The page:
Working in the refurbishment and fit-out industry may be safer than working in agriculture or the Oil and Gas Industry, but there are still a number of risks that your employees will encounter. Site managers and employers need to identify and mitigate these potential risks to ensure that their employees remain fit and healthy, and that they are able to discharge their duties under the Construction Design and Management Regulations 2015 and The Health and Safety at Work Act.

Every site is different, but risk assessments need to investigate the potential presence of any of the following hazards.

1. Asbestos

Still the UK’s number cause of work-related deaths, asbestos presents a significant risk to employees. Used extensively in construction for decades, asbestos dust can be found in shops, offices and homes across the country. When inhaled, asbestos particles lead to a range of respiratory illnesses including mesothelioma, a fatal form of lung cancer.

Site risk assessments must consider the potential presence of asbestos, the risk it presents to workers, and how it should be managed. Where significant risk is identified, you will need to arrange to have dust and cladding removed and disposed of properly to reduce the chances of lethal dust being inhaled.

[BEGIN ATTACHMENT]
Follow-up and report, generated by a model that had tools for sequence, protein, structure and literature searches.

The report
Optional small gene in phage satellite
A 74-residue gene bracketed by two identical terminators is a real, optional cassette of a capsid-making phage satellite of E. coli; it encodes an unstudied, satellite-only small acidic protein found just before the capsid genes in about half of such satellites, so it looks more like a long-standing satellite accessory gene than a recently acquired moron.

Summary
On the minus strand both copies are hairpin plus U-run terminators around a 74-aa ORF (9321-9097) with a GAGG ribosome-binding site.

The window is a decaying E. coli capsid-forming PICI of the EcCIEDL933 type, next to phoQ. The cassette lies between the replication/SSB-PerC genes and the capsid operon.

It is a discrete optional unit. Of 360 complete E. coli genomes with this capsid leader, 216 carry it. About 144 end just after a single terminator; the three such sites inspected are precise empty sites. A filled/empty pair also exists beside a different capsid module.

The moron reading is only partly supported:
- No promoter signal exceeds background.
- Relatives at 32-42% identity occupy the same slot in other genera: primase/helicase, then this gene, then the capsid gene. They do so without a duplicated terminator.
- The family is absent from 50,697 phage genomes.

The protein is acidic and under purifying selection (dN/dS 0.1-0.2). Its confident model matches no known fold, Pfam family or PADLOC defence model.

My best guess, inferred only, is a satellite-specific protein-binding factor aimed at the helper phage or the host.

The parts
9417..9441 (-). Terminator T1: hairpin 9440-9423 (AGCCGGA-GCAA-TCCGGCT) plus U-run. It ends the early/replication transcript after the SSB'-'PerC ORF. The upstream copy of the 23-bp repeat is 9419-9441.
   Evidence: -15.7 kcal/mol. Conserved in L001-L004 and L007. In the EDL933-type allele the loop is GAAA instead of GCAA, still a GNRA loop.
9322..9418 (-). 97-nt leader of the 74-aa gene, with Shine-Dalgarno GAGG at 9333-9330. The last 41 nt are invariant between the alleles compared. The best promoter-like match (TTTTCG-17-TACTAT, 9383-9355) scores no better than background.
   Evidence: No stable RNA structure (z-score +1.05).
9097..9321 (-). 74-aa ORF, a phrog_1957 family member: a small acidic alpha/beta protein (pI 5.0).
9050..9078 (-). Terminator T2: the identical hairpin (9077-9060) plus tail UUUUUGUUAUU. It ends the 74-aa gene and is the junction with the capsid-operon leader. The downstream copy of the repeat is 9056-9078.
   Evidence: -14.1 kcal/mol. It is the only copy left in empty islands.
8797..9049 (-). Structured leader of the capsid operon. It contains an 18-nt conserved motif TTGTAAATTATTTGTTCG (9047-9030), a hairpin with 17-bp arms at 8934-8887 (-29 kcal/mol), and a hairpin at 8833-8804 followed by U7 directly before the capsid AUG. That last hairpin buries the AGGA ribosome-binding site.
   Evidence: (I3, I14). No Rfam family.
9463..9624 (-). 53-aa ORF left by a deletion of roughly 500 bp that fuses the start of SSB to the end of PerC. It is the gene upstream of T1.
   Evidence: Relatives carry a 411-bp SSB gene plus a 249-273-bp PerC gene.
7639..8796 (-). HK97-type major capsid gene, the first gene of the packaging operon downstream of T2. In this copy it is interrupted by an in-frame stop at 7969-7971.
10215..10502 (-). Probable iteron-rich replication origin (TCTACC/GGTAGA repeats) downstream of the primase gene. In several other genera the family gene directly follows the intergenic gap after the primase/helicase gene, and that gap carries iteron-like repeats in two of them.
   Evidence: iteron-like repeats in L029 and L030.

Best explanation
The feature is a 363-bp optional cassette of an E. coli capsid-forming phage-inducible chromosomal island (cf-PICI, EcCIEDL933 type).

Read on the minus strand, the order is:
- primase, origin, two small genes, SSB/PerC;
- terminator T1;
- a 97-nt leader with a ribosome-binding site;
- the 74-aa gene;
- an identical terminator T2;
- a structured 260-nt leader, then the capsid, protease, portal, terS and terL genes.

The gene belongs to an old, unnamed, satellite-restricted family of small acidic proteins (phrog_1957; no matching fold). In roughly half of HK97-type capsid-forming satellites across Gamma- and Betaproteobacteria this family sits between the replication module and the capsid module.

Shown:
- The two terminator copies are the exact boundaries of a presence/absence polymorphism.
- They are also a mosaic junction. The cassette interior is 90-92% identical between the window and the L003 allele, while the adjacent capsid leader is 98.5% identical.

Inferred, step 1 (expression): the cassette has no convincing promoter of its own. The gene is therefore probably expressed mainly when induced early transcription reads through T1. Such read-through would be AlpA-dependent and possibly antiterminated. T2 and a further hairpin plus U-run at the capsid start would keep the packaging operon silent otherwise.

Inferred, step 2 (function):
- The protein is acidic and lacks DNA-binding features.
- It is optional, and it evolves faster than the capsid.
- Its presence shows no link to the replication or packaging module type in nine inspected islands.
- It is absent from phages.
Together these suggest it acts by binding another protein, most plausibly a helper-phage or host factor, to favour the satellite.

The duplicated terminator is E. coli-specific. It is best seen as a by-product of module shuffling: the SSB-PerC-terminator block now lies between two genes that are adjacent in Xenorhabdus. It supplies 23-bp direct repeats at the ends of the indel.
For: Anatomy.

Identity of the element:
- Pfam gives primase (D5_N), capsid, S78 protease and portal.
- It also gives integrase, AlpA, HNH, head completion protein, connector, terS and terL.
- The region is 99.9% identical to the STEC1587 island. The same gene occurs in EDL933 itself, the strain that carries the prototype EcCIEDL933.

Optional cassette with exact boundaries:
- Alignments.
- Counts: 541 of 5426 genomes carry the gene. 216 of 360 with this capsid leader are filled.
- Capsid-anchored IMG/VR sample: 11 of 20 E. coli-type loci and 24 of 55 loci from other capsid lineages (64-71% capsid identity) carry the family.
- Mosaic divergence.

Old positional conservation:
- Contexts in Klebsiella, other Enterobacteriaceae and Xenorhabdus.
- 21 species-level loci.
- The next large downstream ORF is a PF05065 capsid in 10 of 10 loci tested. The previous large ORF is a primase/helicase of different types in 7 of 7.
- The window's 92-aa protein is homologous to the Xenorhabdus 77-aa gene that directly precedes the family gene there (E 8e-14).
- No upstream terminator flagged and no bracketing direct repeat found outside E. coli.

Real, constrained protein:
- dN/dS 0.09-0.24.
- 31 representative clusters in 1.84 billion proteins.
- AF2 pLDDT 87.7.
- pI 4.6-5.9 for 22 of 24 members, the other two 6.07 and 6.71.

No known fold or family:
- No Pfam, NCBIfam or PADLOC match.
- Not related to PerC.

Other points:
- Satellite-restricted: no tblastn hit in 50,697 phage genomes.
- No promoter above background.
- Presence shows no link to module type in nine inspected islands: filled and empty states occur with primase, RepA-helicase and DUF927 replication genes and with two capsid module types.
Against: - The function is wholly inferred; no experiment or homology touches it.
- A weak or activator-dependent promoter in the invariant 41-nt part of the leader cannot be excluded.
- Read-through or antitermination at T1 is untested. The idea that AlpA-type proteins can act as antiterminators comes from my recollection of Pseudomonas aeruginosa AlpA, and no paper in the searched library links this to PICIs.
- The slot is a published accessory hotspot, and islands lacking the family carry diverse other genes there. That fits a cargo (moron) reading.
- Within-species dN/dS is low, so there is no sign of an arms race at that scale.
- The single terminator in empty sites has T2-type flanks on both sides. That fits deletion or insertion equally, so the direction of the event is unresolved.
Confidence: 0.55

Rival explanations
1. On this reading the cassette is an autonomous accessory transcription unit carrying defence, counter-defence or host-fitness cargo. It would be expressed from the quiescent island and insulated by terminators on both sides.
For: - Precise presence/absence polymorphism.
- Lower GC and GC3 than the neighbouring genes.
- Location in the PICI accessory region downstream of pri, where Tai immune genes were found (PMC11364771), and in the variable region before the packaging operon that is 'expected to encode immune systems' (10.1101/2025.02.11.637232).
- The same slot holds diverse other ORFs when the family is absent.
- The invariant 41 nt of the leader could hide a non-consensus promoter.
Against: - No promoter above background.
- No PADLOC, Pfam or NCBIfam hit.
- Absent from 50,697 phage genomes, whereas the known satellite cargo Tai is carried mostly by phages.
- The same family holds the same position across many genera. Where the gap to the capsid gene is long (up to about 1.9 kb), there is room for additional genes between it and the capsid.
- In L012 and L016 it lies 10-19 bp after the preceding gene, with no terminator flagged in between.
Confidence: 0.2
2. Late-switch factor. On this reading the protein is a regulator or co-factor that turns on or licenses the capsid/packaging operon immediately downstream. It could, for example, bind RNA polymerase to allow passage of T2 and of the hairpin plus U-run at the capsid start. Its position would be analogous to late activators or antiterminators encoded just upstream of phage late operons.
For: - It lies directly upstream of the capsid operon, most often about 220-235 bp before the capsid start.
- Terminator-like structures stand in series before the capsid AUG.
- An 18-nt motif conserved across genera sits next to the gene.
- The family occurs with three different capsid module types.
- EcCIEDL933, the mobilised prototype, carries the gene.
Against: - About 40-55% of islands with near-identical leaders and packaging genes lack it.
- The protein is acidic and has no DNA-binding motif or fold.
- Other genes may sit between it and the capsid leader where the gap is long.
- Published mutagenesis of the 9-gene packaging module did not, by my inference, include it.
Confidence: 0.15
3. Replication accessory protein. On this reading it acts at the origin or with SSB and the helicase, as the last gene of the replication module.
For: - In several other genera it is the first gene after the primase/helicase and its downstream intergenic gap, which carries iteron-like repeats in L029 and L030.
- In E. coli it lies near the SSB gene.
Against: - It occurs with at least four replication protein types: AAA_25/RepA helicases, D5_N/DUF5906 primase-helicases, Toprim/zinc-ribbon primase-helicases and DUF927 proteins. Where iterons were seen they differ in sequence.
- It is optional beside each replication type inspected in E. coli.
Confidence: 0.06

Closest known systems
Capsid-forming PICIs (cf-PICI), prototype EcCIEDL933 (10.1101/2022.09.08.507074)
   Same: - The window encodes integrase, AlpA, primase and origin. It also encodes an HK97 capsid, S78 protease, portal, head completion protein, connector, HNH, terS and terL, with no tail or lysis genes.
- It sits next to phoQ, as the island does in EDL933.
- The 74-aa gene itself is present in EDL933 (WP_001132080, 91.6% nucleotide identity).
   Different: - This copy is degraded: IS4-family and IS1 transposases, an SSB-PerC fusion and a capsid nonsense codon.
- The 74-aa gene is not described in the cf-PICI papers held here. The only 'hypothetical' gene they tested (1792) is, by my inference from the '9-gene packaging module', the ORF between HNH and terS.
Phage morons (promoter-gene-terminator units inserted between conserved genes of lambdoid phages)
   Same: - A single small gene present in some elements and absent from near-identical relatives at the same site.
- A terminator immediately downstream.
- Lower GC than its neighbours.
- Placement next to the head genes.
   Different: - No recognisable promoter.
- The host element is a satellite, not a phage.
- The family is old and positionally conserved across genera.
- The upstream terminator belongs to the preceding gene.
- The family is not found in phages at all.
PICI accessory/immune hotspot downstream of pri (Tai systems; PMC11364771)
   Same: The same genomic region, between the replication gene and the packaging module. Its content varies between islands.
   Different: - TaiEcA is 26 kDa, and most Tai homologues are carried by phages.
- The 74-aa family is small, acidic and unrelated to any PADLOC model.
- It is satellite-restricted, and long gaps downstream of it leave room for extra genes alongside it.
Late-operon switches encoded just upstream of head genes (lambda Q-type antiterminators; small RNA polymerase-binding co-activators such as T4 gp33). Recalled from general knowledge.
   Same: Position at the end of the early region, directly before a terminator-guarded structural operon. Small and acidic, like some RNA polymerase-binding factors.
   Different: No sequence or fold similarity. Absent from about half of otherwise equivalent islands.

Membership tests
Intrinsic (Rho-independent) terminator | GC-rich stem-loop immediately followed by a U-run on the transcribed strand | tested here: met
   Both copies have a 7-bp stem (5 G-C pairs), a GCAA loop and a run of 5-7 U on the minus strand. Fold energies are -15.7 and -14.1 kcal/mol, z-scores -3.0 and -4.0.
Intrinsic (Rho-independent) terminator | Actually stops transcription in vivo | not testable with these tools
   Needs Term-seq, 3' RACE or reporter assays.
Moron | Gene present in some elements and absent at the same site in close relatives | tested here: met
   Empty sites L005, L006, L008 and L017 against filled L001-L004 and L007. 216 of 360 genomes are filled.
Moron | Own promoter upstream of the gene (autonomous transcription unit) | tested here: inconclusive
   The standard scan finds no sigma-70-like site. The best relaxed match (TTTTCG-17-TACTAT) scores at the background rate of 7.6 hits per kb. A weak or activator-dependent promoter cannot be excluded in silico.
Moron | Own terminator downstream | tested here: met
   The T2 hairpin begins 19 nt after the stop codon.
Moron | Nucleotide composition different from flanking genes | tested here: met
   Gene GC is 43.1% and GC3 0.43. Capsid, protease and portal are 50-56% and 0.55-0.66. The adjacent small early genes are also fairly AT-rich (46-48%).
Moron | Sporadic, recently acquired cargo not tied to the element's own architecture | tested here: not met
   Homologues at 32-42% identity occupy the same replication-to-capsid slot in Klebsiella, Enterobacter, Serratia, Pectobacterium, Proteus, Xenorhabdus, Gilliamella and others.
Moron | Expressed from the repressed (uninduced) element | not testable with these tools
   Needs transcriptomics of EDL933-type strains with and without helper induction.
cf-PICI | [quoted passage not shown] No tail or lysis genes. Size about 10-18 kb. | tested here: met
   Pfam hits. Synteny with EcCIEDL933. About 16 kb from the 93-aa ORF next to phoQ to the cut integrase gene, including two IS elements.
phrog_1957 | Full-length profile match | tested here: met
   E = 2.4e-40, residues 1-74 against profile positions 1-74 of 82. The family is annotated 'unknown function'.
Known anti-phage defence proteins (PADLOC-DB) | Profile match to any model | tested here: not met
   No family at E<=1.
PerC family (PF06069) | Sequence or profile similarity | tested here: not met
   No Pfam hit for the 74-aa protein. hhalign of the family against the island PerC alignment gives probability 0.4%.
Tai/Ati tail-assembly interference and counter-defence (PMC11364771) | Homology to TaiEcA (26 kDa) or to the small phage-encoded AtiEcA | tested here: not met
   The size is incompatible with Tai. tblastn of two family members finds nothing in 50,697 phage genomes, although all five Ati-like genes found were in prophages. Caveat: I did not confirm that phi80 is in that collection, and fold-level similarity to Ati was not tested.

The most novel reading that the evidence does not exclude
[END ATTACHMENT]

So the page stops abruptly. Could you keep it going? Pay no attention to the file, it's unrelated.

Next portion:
2. Dust

During the course of a refurbishment, construction and fit-out typically creates a variety of dusts. Carpentry generates sawdust, while stone masonry and dressing creates silica dust, and removal of redundant materials releases all manner of accumulated dust into the local environment.

These dusts are easily inhaled, creating a number of potential problems. From harmless, annoying irritation of the nose, throat and eyes, to the more serious accumulation of dust in the lungs. Employees working with, and inhaling, sawdust, are four times more likely to develop asthma. The dust created by cutting certain hardwoods is also known to cause cancer of the nose.